There are many things we enjoy doing year-round, but being bitten by mosquitos is definitely not one of them. While other parts of the country may get a seasonal break from all the buzzing and itching, we Alabamians must endure these disease-spreading pests year-round.
However, the danger of these blood-suckers goes way beyond Zika and West Nile virus. Heartworm disease is a potentially deadly condition that can be transmitted to our pets through infected mosquitoes. Keep reading to learn more about how to protect your companion and why heartworm prevention is a year-round priority.
A Real Threat
Most pet owners have a basic awareness of heartworm prevention, but that doesn’t mean the disease is always well understood. Let’s start with an overview of the life cycle of a heartworm:
- It begins when a mosquito feeds on an infected animal. Minute larvae, or microfilariae, are sucked up with the blood.
- The mosquito becomes an incubator for 10-14 days as the microfilariae develop into heartworm larvae.
- In the meantime, the mosquito continues feeding on warm-blooded hosts (like your pet), depositing larvae into the body, effectively spreading the disease.
- The newest victim’s bloodstream will pick up the larvae and spread them to the heart, lungs, and surrounding tissues.
- It can take up to 6 months for larvae to grow into adult heartworms.
- If both sexes are present in the new host, mature worms will reproduce, starting the cycle all over again.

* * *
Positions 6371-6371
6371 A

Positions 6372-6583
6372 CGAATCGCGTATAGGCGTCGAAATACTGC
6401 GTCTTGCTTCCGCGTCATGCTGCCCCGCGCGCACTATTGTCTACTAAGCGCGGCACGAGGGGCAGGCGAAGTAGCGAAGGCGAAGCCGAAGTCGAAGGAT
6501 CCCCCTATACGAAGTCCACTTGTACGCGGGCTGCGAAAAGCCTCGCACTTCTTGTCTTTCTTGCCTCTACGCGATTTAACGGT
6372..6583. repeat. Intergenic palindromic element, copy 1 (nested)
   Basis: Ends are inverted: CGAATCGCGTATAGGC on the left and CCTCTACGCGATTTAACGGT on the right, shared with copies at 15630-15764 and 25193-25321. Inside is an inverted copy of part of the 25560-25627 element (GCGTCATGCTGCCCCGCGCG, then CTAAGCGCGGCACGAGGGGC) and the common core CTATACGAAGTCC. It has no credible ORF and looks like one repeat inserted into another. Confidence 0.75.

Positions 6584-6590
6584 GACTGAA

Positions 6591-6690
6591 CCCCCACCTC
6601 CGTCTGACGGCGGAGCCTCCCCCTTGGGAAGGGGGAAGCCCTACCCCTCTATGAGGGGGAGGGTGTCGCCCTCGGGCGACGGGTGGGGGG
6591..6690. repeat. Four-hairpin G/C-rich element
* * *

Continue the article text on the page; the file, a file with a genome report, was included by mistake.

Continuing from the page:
It’s important to know that cats cannot be treated for heartworm disease, making heartworm prevention their only defense. Dogs can be treated, but it can be very risky and expensive.
The Importance of Year-Round Heartworm Prevention
Heartworm disease is a significant threat in all states and many other places worldwide. Remember, all pets are at risk (even indoor companions), which is why year-round protection is vital.
Many pet owners suspend heartworm and other parasite preventives when summer comes to an end. However, due to the maturation time of heartworm larvae, a bite from an infected mosquito in September could very well turn into a full-blown infection the following spring. Just avoid the risk altogether and maintain your pet’s preventives during every season.
How Does Heartworm Prevention Work?
Whether you opt for a pill, a topical medication, or an injection, heartworm preventives effectively kill larvae before they have a chance to mature. They’re safe for your pet, but if they’re administered late or inconsistently, you run the risk of an immature worm developing into an adult.
If your pet misses two or more doses, a heartworm test should be conducted. When given to an animal that’s already infected, heartworm preventives can trigger a severe reaction. Because this can be life-threatening, many states follow a testing procedure even when a 12-month prescription is strictly followed.